CBT is based on the idea that what we think determines how we feel and how we behave. While it can be difficult to change our behaviour and almost impossible to change our feelings, we can indirectly influence them by changing the way we think.
All people have a tendency at times to have dysfunctional and irrational thoughts.
All people have a capacity to have dysfunctional and irrational thoughts which left unattended can negatively impact our lives. CBT aims to develop the skills to recognise these unhelpful thoughts, challenge them, and with practice, change them, resulting in less self-defeating behaviours and greater well-being.
We can change our feelings and behaviour by changing our thoughts.
To achieve this change we first need to learn to recognise unhelpful beliefs that lead to self-sabotaging behaviours. Unhelpful beliefs stem from three main "shoulds" that we hold on to and that lead to negative demands on ourselves, summarised below.
Demands about self: This includes thoughts that we should be perfect and successful and that we should always have the approval of the significant others in our lives. Beliefs related to this sort of thinking often lead to feelings of self-doubt, low self esteem, anxiety, depression, shame and guilt.
Demands about others: This includes thoughts that other people should always treat us well and if they don't they deserve rejection and/or to be punished. Beliefs related to this sort of thinking often lead to feelings of frustration, anger, aggression and/or passive aggression.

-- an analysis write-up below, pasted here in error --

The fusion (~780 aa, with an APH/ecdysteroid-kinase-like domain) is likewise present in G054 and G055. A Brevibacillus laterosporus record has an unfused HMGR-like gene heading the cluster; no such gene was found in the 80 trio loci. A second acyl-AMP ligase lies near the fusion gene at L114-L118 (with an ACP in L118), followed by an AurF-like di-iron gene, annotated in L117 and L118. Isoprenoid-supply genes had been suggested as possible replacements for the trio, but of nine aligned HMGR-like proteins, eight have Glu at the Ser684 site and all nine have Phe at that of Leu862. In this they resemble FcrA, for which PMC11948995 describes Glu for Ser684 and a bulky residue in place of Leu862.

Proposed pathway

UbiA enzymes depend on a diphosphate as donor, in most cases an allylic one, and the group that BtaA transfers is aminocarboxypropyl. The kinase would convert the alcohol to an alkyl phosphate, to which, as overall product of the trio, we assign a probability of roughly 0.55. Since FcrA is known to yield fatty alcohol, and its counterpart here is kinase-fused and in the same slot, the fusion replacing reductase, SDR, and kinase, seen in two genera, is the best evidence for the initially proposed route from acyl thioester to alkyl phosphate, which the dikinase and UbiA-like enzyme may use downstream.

Demands about the world/life conditions: This includes thoughts that our living conditions should always be comfortable, pleasurable and rewarding or else things are awful and unbearable. Beliefs related to this sort of thinking are often associated with self-pity, hurt, and lack of self discipline.
In the face of stressful life events and challenges, these core beliefs can lead to unhelpful thoughts which in turn may result in low mood or symptoms of depression or anxiety. Left unattended, these feelings can result in self-defeating behaviours that can then compound the associated feelings, creating a spiral effect that can potentially lead to mental illness.
In general, CBT aims to take broad problems or issues and break them down in order to focus on specific situations, emotions and thoughts. These specific issues are then addressed using the CBT tool unhelpful thought record, to find answers to the following questions and therefore find solutions:
- What are the most important problems to work on now?
- What self-defeating thoughts are preventing me from finding a solution?
- Why can't I handle this situation right now, what are the obstacles?
- What more adaptive thoughts and behaviours would help right now?
To begin, first familiarise yourself with the different types of common unhelpful thinking, and then try the detailed unhelpful thought record online form. Remember, it can be difficult to learn new skills on your own, if you need assistance at any time therapist help is available.